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# 60 chapter 10 computational problems related to

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Chapter 10 Computational Problems Related to Quadratic Residues 10.1 Computing the Jacobi Symbol Suppose we are given an odd, positive integer n , along with an integer a , and we want to compute the Jacobi symbol ( a | n ). Theorem 9.8 suggests the following algorithm: t 1 repeat — loop invariant: n is odd and positive a a rem n if a = 0 if n = 1 return t else return 0 compute a 0 , h such that a = 2 h a 0 and a 0 is odd if h 6≡ 0 (mod 2) and n 6≡ ± 1 (mod 8) then t ← - t if a 0 6≡ 1 (mod 4) and n 6≡ 1 (mod 4) then t ← - t ( a, n ) ( n, a 0 ) forever That this algorithm correctly computes the Jacobi symbol ( a | n ) follows directly from Theo- rem 9.8. Using an analysis similar to that of Euclid’s algorithm, one easily sees that the running time of this algorithm is O ( L ( a ) L ( n )). 10.2 Testing quadratic residuosity 10.2.1 Prime modulus For an odd prime p , we can test if a is a quadratic residue modulo p by either performing the exponentiation a ( p - 1) / 2 rem p or by computing the Legendre symbol ( a | p ). Using a standard repeated squaring algorithm, the former method takes time O ( L ( p ) 3 ), while using the Euclidean- like algorithm of the previous section, the latter method takes time O ( L ( p ) 2 ). So presumably, the latter method is to be preferred. 61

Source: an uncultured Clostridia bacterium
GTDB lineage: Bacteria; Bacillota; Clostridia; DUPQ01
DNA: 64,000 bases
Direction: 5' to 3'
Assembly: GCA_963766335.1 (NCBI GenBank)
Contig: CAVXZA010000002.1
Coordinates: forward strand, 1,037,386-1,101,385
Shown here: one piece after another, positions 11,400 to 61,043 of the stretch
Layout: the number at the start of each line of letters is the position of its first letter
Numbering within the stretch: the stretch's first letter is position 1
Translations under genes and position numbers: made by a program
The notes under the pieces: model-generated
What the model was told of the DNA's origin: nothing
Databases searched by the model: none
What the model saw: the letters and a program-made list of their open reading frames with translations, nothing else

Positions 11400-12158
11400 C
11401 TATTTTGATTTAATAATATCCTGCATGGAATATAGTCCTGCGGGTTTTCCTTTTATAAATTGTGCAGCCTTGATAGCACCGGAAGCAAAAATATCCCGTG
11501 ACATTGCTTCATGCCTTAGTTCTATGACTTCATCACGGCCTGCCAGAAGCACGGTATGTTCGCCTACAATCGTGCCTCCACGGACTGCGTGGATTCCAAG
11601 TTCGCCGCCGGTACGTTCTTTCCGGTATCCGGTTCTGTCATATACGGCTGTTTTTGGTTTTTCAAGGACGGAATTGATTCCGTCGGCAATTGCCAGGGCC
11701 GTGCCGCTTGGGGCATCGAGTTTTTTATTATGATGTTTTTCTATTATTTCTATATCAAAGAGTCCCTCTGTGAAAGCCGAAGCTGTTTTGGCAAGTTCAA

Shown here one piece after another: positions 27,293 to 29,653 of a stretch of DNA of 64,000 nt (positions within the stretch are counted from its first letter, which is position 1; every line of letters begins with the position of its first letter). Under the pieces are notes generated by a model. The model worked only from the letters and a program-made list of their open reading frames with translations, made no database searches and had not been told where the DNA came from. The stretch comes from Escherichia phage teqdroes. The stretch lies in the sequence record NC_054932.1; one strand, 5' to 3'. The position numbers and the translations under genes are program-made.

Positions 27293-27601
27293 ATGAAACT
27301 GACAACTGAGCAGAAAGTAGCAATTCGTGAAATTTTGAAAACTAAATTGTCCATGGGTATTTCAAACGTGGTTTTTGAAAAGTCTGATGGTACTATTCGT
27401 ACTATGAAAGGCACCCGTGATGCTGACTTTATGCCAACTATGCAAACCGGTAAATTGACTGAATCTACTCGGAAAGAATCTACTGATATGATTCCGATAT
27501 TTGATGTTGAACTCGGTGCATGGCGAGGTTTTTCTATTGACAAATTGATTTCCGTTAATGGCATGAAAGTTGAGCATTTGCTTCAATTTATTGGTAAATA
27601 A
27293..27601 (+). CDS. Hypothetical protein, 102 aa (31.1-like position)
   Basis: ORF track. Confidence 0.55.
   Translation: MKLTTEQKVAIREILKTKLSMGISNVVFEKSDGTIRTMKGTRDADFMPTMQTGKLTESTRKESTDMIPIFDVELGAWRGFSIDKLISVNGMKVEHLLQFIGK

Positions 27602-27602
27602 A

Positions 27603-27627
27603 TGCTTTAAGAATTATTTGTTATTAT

10.2.2 Prime-power modulus For an odd prime p , we know that a is a quadratic residue modulo p e if and only if a is a quadratic residue modulo p . So this case immediately reduces to the previous case. 10.2.3 Composite modulus For odd, composite n , if we know the factorization of n , then we can also determine if a is a quadratic residue modulo n by determining if it is a quadratic residue modulo each prime divisor p of n . However, without knowledge of this factorization (which is in general believed to be hard to compute), there is no efficient algorithm known. We can compute the Jacobi symbol ( a | n ); if this is - 1 or 0, we can conclude that a is not a quadratic residue; otherwise, we cannot conclude much of anything. 10.3 Computing modular square roots 10.3.1 Prime modulus Let p be an odd prime, and suppose that ( a | p ) = 1. Here is one way to compute a square root of a modulo p , assuming we have at hand an integer y such that ( y | p ) = - 1. Let α = [ a mod p ] Z * p and γ = [ y mod p ] Z * p . The above problem is equivalent to finding β Z * p such that β 2 = α . Let us write p - 1 = 2 h m , where m is odd. For any δ Z * p , δ m has order dividing 2 h . Since α 2 h - 1 m = 1, α m has order dividing 2 h - 1 . Since γ 2 h - 1 m = [ - 1 mod p ], γ m has order precisely 2 h . Since there is only one subgroup in Z * p of order 2 h , it follows that γ m generates this subgroup, and that α m = γ mx for 0 x < 2 h and x is even. We can find x by computing the discrete logarithm of α m to the base γ m , using the algorithm in § 8.2.3. Setting κ = γ mx/ 2 , we have κ 2 = α m . We are not quite done, since we now have a square root of α m , and not of α . However, because gcd( m, 2) = 1, we can find integers s, t such that ms + 2 t = 1. In fact, s = 1 and t = -b m/ 2 c do the job. It then follows that ( κ s α t ) 2 = κ 2 s α 2 t = α ms α 2 t = α ms +2 t = α.

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